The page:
Tony Blair defends phone calls to Gaddafi warning him to flee

tony blair claims he wasn’t trying ‘to save’ Colonel Gaddafi in phone calls he made asking himto step down as Libya descended into chaos during 2011.

The former British Prime Minister cleared the phone call with David Cameron before he rang the late dictator to say ‘that the violence had to end’ and ‘he had to stand aside to allow a peaceful process to take’.

He also told him he ‘must leave the country’ before he was murdered in October 2011.

Details of the calls made in February of that year emerged as Mr Blair gave evidence at the Foreign Affairs Select Committee at the House of Commons over British airstrikes on Libya.

He said: “It’s been presented as if I was trying to save Gadaffi. I wasn’t trying to save Gadaffi. I was trying to get him to go.”

He also claims his relationship with the Libyan dictator stopped chemical weapons getting into Isis’ hands and he had effectively brought the country ‘in from the cold’ after 30 years of isolation.

At every single discussion with the former regime he said he discussed the Lockerbie bombing and the death of PC Yvonne Fletcher, killed at a Libyan demonstration in London in the 1980s. However it was also raised at the hearing that Met officers didn’t visit the country over the young police officer’s death until 2007.

He said his calls to Gaddafi were made as a private individual, because he ‘had the relationship’ with him and having gone through my his own experience in office he ‘was aware of what the risks’ were.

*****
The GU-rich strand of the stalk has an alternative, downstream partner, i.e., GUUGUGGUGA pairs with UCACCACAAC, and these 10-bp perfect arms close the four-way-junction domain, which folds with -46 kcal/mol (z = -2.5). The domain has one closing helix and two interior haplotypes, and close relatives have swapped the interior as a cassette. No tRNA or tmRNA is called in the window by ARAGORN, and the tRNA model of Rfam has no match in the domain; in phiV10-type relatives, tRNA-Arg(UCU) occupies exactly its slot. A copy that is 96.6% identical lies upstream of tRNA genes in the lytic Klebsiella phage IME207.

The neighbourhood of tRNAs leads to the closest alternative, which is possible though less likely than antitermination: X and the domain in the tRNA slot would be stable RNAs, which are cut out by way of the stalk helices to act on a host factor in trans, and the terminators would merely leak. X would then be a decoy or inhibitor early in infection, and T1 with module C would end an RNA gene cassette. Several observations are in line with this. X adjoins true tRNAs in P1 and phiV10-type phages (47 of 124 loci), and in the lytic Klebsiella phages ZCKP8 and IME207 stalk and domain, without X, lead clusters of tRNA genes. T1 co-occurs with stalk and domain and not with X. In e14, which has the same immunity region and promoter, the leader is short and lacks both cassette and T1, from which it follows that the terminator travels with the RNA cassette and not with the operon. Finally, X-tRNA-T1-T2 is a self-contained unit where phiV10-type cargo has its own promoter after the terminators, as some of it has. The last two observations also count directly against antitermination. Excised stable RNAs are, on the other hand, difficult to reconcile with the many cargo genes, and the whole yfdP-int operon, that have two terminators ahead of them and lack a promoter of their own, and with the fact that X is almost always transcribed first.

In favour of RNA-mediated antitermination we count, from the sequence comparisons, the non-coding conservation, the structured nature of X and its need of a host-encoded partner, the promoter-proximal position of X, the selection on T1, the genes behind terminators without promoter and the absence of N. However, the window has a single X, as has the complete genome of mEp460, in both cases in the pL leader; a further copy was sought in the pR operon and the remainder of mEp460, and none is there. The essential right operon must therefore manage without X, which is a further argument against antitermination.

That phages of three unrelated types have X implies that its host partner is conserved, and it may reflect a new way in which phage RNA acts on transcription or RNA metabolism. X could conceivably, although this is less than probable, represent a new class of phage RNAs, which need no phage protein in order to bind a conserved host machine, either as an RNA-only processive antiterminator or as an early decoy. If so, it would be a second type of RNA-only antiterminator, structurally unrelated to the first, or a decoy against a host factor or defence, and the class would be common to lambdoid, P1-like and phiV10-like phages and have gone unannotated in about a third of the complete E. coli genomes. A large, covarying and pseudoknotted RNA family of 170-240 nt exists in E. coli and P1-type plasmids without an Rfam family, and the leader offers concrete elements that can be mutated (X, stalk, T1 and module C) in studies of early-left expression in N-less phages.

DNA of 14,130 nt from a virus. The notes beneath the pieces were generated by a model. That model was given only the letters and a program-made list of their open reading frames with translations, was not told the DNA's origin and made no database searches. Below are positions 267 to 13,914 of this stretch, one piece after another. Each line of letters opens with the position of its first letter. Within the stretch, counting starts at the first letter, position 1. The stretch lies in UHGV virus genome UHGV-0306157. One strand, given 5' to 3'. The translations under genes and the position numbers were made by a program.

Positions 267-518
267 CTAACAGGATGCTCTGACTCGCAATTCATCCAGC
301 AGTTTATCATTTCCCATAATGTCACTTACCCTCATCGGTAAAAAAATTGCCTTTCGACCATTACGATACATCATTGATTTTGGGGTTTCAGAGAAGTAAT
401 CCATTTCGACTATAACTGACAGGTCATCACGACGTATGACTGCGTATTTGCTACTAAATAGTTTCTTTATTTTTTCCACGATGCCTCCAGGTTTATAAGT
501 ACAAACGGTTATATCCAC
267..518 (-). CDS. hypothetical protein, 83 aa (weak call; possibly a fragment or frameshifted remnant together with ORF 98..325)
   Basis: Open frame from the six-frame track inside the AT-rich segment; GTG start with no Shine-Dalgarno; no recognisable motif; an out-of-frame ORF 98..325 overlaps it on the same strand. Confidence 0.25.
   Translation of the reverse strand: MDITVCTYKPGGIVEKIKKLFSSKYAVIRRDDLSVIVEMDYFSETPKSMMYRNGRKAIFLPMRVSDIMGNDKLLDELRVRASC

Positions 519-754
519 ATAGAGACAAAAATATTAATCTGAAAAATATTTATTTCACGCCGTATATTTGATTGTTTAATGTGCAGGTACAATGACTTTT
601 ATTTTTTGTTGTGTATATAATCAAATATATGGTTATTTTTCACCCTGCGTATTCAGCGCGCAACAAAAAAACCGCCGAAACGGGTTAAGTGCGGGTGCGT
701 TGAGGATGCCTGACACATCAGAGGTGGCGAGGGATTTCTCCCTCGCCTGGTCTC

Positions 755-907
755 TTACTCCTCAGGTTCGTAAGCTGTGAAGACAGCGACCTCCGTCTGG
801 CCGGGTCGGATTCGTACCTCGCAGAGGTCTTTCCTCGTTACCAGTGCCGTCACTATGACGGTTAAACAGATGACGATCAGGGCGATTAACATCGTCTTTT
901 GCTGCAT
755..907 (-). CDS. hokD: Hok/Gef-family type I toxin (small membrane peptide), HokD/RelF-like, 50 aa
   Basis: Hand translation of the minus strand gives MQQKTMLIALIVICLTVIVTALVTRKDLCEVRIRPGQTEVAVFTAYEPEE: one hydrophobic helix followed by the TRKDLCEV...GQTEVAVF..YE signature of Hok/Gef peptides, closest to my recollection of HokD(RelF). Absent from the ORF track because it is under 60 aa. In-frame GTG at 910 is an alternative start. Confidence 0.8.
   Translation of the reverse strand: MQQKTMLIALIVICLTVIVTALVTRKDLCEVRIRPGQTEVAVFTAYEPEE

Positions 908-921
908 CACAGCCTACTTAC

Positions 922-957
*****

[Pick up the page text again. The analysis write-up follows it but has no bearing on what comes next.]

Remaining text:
He said he told him that if he had a safe place he should go ‘because this will not end peacefully and there has to be a process of change’.

Mr Blair was described during the meeting as ‘the most informed witness’ in dealing with Gaddafi and years earlier in 2004 he had met him in a tent in the Libyan desert for talks which resulted in the regime halting its chemical and nucelar weapons programmes.

However by 2011 Gaddafi had been deposed in an uprising against his regime and after the passing of a UN resolution 1973, Britain joined a coalition of forces that carried out airstrikes against his army to try and protect the country’s citizens.

He was murdered during the Battle of Sirte after 40 years in power.

However the focus of the select committee hearing was to analyse British intervention, the state’s subsequent collapse and the UK’s future relationship with the country.

“My concern was not for his safety,” said Mr Blair, who spoke to him two or three times over the course of 24 hours.

“They were all to the same effect. They were all basically saying there is going to be action unless you come up with an agreed process of change.”

Mr Blair said he had spoken to Mr Cameron and US Secretary of State Hillary Clinton informing them that he was going to reach out to Gaddafi as a private citizen.

“They were completely non-committal obviously but listened to what I had to say,” he added.

He refused ot be drawn on whether the British Government had acted correctly over Libya, and whether the UN resolution’s wording gave authorisation to push for a regime change.

He said: “I am not going to criticise the Prime Minister or (then French president) Nicolas Sarkozy or anyone else,” he said.

“I know how difficult these decisions are. I am sure they did it for reasons that are perfectly well intentioned and in good faith.”

If he had been in power in 2011 he would have used his relationship with Gaddafi to ask him to go but he did not know whether it would have worked, he said.